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The Hidden Secrets Of Growing Old

July 15, 2010 By: Sherry Ruth Anderson Category: Aging With Grace and Glory, Sherry Anderson


The Hidden Secrets Of Growing Old ~ Part 1:Pentimento

Sitting here on a May morning, curled up in my favorite spot on the chintz sofa in front of the picture window in our living room, I’m gazing at a single salmon colored rose just peeking out of its bud cover. It seems to glow with its own light. Slowly my view spreads out, easing into the quiet of the young day and drifting across Olive Avenue to the poplars in the distance.

A gust of wind shudders through the light green sheets of leaves, when—amazing!—a cold wet sting of ocean breeze slaps me in the face. In an instant, I’m smelling the briny whiff of the Atlantic Ocean as surely if I were back on the beach I used to walk as a child. How is it possible—a November wind bringing its salty self across half a century of time and a continent of space as I sit here on a summer morning in California?

This must be what my friend Joan meant some forty years ago when she told me about pentimento. I was in my early thirties then and Joan, who seemed very old to me, was in her late fifties. We’d just finished a long hike through in the green hills of southern Ontario. It must have been June because school was out and wildflowers were everywhere. We were resting on the grass, drinking from our canteens and gazing out over a field of willowy flowers with centers composed of tiny white blossoms.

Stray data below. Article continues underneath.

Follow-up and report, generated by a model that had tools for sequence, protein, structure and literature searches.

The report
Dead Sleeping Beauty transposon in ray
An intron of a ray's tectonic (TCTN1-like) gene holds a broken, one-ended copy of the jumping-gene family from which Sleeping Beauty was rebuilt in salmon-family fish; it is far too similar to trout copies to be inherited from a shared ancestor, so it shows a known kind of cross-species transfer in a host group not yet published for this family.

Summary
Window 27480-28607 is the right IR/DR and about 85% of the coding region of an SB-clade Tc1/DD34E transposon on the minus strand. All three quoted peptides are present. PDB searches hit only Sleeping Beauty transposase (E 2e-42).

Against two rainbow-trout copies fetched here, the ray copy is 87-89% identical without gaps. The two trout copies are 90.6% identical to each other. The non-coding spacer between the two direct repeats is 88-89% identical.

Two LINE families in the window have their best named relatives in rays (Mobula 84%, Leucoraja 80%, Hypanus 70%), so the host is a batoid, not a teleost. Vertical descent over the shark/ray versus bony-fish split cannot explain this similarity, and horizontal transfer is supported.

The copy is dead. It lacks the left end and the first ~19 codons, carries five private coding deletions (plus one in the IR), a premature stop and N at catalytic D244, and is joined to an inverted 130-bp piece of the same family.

“Queen Anne’s Lace,” Joan told me.

I was admiring them in my usual extravagant way, remarking on the delicacy of their faces and the graceful way they swayed in the wind.

“Where you see the flowers,” Joan replied, “I see a pentimento.”

I’d never heard the word. “It’s a painter’s term,” she said. “Canvas is so expensive that artists sometimes paint over their old pieces to have fresh surfaces. For awhile, this works just fine. The new painting completely obscures the old one. But in time the top layers grow transparent with age and then the earlier images bleed through. That’s pentimento.”

“Pentimento,” I repeated, liking the pleasant staccato of the word in my mouth.

“It comes from the Italian meaning ‘repentance,’” Joan told me. “Because the painter has changed his mind about the composition. But still, after awhile, the original is there too.” Read more »

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